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Who Are You?

Who am I?

By Jennifer DavidPublished 4 months ago Updated 2 months ago 4 min read

Oftentimes I hear questions like “who are you?”

“Who are you?” It's a seemingly elementary question. But that’s not always the case, especially followed by questions that limit what should be a limitless answer.

Tell me who you are without saying what you do. Who are you without your name? Describe yourself without your physical attributes. Show me who you are when no one is watching. Who are you when there’s a spotlight on you? Show me who you are.

These prompts are, maybe, thought provoking. But they can also be damaging. They make me wonder what those people are really trying to achieve. Why would I care who I would be if I stripped myself down to mere ligaments, tendons, blood, and bile? How far do you strip yourself down before it’s ok to say who you really are? Down to a spec? Well, then that wouldn’t make me all that special now would it? It would make me just like you, which is fine if that were the goal; but it’s not. This question of identity is asking what defines me, what sets me apart. And every thing I witness, touch, taste, and smell with my heart, my body and soul make me who I am. Take any of those things away and I’m a stranger to even myself. And you wouldn't recognize me either, because I wouldn't be me.

Without my jobs you’d never know I don’t care about money. It’s a means to an end. And like most, I do in fact like money. Don’t get me wrong. But I don’t crave it. I crave what I can do with it. And there’s a big difference. The work I’ve done up until now has been jobs that bring me some type of fulfillment. I coach because of the influence my coach had on me growing up. She helped me to find ways to deal with my life with direction, confidence, and determination. I’m a culture bearer because I want to create. I want to convey feeling. I want my thoughts to manifest in an array of physical forms. Yes, my time is compensated but my heart is full. I work to make a difference in myself and others. It’s an integral part of who I am. And it’s just as important as each freckle on my chin or hair on my head.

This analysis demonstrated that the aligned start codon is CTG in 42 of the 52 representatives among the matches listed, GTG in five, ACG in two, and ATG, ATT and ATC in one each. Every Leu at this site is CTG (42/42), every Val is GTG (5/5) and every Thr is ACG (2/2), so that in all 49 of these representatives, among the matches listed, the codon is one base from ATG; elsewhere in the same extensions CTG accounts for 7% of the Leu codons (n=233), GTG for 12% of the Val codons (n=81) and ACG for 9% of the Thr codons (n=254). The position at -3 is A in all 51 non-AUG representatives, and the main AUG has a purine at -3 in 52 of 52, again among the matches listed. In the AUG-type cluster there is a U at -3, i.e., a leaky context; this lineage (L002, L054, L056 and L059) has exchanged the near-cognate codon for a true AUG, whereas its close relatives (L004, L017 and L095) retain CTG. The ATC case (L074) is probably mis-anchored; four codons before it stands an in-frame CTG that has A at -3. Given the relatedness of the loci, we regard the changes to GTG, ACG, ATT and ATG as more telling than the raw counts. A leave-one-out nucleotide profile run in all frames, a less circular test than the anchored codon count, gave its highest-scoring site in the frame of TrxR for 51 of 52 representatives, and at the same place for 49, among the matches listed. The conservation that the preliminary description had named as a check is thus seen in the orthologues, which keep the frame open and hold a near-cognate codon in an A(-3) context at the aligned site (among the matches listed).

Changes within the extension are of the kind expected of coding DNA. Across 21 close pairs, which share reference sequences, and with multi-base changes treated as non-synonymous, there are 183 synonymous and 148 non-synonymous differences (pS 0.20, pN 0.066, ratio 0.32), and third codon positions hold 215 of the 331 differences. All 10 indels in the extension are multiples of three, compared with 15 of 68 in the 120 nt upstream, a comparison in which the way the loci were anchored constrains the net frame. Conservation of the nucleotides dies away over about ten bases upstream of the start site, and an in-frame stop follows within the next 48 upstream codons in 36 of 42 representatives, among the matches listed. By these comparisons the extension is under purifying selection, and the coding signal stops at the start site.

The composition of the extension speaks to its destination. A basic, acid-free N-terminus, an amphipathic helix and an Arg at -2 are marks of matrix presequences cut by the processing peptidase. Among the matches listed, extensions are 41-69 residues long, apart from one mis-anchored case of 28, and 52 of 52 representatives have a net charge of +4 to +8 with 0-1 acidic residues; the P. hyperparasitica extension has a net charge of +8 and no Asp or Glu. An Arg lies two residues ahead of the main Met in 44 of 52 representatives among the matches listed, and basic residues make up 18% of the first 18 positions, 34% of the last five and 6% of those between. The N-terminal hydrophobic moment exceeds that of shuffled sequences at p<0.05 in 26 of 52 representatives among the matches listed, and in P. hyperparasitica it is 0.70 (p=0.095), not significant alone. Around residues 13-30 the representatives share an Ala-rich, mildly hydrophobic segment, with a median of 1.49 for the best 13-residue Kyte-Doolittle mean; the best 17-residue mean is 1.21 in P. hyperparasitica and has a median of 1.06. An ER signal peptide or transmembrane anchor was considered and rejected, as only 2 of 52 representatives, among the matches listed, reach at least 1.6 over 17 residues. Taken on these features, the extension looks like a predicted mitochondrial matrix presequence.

If not for my mahogany shoulder length hair; maple almond shaped eyes; carmel colored heart shaped face; the five feet and eleven inches that I stand; my sweet fruity floral scent; my well kept deep burgundy manicure and matching pedicure; my animated eyebrows; wispy eyelashes; my delicate ears adorned by simple studs from cartilage to lobe; my guilty peach blush; my winged eyeliner; my rugged yet whimsical style of dress, how would you see me?

Without my continuously insufficient amount of new literature; my sincere fondness of the art of chess; or my love of the silence in music; or my love of a strapping man dressed like a bat who charismatically saves the day, at night; or my desire to create new universes while giving old language new meaning and new words nostalgic feelings, what would bring me joy?

When I want to spend the night drinking drinks that sneak up on me while dancing like my feet can’t stop, like my hips’ sway heal a week’s worries away, and like the tension in my shoulders eases with each beat’s drop, how would I sooth?

If I couldn't drive a thousand miles ten miles over the speed limit with three red bulls; gummy worms; a pack of gum; cheetos; ice water; and an oldies but goodies playlist through the night into the morning; or spontaneously fly to the beach for a day or two, how would you find me?

Who would I be if a little girl didn’t run with her arms spread wide around in unabashed rings in the grass singing “wee wa wee” like it made the flowers grow? I wouldn’t be me.

I wouldn’t be me if I knew what I wanted to eat more than I knew what I didn’t want. I wouldn’t be me if I didn’t shower in the morning, middle of the day, and before bed. I wouldn’t be myself if I didn’t find something to love even in darkness. If I didn’t love gossip in bar bathrooms, I wouldn’t be me. I’d be the stranger in the next stall over. I’d be someone else. I wouldn’t have dark circles under my eyes, or the stretch marks on my thighs. I’d be shorter. I’d be thinner. My smile wouldn’t encourage yours. My tears wouldn’t flow when I’m overly excited, happy or sad. I’d only watch movies one time. I’d love commercials. I’d never seen the irony in love and hate, or how quickly their lines blur. I’d never know how good it feels to be an oxymoron, a goofball, a shy yet serious fairy with a wicked side.

I wouldn't be, if I weren't me.


About the Creator

Jennifer David

I hope my thoughts challenge yours

Connect with me on instagram!

Reader insights


Excellent work. Looking forward to reading more!

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  1. Compelling and original writing

    Creative use of language & vocab

  2. Easy to read and follow

    Well-structured & engaging content

  3. Excellent storytelling

    Original narrative & well developed characters

  1. Eye opening

    Niche topic & fresh perspectives

  2. Heartfelt and relatable

    The story invoked strong personal emotions

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Comments (2)

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  • Stephanie David4 months ago

    I actually cried reading this. Tears of joy and tears of introspection. It is a beautiful thing to know and accept yourself, to celebrate the fullness of who you are. It's a blessing to look back over your shoulder of the past with the same open heart and mind that you peek over the hill of the future. Keep loving the 360 degrees of each role. Your characters are believable, well rounded, honest and bold. Keep writing.

  • I always having trouble deciding which community to submit to LOL Anyway, I really liked this challege and wish there was a better opion to submit to.

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